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Oscar-winner Casey Affleck has partnered with PETA on a series of initiatives in recent years, from speaking out on circus abuse and the practice of dehorning to calling out Texas A&M for its use of dogs in laboratory research studies. Now comes word from the animal rights organization that Affleck is expected to appear at a Monday press conference and protest organized to urge the University of Massachusetts Amherst to end its experiments on monkeys.
Per PETA, Affleck will appear at the event alongside his mother, Chris, and PETA officials. The Afflecks hail from Massachusetts and that’s one reason why they’re taking the cause to heart, Affleck said in a statement.
PETA and UMass have been embroiled in a fight for years over the use of monkeys in its laboratory experiments. According to the Daily Hampshire Gazette, the two parties settled a lawsuit in 2020 after a years-long dispute over video footage that showed caged monkeys under distress. Earlier this year, PETA sounded alarms that it would be resuscitating campaigns for the ethical treatment of animals after the university doubled down on its use of animals for research purposes. A university spokesperson said, at the time, that “researchers believe work with marmosets is very important in addressing issues of aging.”
For his part, Affleck said in the statement that when PETA reps informed him of the “hideous experiments,” he didn’t know much of marmosets until he did his own research. “I found out that they’re New World monkeys who are inquisitive, social and intelligent. They’re very small and very vulnerable. They scare easily. And, in laboratories they’ve actually died of fright,” he said. “The animals used in these absurd and cruel experiments — they suffer, and that should be our starting point. Do they suffer? Yes? Then we simply cannot do it. My family and I are from Massachusetts and we tend to take pride in things uniquely New England or Boston: our sports teams; our accents; our universities. But on that last point — not today. UMass can and should do better. End these hideous experiments on marmosets today. UMass, be the leader I know you to be.”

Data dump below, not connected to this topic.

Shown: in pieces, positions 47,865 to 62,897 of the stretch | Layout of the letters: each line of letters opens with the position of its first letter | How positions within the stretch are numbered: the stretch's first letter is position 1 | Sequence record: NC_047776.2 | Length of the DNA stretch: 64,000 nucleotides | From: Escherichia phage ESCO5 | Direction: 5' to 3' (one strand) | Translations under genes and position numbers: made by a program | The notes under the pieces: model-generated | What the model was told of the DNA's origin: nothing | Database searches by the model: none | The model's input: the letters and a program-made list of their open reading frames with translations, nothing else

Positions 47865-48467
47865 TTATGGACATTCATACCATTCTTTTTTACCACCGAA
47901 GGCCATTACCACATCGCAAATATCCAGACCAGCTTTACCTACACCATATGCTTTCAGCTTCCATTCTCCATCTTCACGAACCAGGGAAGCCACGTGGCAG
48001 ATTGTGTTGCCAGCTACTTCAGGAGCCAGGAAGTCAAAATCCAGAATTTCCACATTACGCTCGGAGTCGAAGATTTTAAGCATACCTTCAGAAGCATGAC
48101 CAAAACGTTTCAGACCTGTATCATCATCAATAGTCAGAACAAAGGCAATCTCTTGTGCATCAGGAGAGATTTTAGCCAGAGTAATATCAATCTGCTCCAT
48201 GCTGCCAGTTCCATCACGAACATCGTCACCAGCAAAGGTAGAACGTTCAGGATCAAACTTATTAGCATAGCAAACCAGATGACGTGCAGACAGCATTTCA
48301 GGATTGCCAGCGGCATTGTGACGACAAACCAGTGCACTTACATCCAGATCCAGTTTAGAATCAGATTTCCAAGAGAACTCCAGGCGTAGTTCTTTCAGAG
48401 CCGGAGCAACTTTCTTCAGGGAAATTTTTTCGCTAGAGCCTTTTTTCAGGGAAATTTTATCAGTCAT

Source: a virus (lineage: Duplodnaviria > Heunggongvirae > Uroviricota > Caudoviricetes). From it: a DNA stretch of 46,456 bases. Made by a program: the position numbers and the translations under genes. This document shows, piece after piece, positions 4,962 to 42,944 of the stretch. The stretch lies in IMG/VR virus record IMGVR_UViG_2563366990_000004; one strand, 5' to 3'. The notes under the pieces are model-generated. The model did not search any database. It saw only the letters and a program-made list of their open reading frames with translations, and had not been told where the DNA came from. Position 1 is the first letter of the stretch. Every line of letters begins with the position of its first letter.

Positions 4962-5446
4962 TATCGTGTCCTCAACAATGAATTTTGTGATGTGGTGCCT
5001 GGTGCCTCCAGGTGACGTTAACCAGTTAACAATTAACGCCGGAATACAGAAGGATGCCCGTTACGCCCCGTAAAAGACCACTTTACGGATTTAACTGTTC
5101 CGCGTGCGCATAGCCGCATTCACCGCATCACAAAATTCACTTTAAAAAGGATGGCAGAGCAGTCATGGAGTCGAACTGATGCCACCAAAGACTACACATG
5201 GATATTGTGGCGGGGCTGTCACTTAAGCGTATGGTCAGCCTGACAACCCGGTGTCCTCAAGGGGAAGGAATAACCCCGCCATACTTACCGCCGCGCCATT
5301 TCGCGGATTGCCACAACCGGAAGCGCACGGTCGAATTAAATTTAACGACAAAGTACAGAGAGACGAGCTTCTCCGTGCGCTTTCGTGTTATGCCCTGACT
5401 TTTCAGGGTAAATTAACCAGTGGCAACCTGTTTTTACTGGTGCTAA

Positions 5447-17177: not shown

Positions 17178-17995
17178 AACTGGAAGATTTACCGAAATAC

Reached by The Hollywood Reporter, a UMass Amherst spokesperson directed requests for comment about the impending protest to the university’s website that hosts a lengthy blog post titled, “The Case for Animals in Research and Teaching.” There, the university states that animals are used in research “when no better options exist,” adding that over the past two decades, significant progress has been made “in developing alternatives such as cell cultures and computer models, yet there are still cases in which research involving animals is necessary to study the complex interactions of different physiological processes and systems.”
Laboratory animals, it continues, are used in many fields including immunology, neuroscience, behavior, nutrition and conservation research in field settings.
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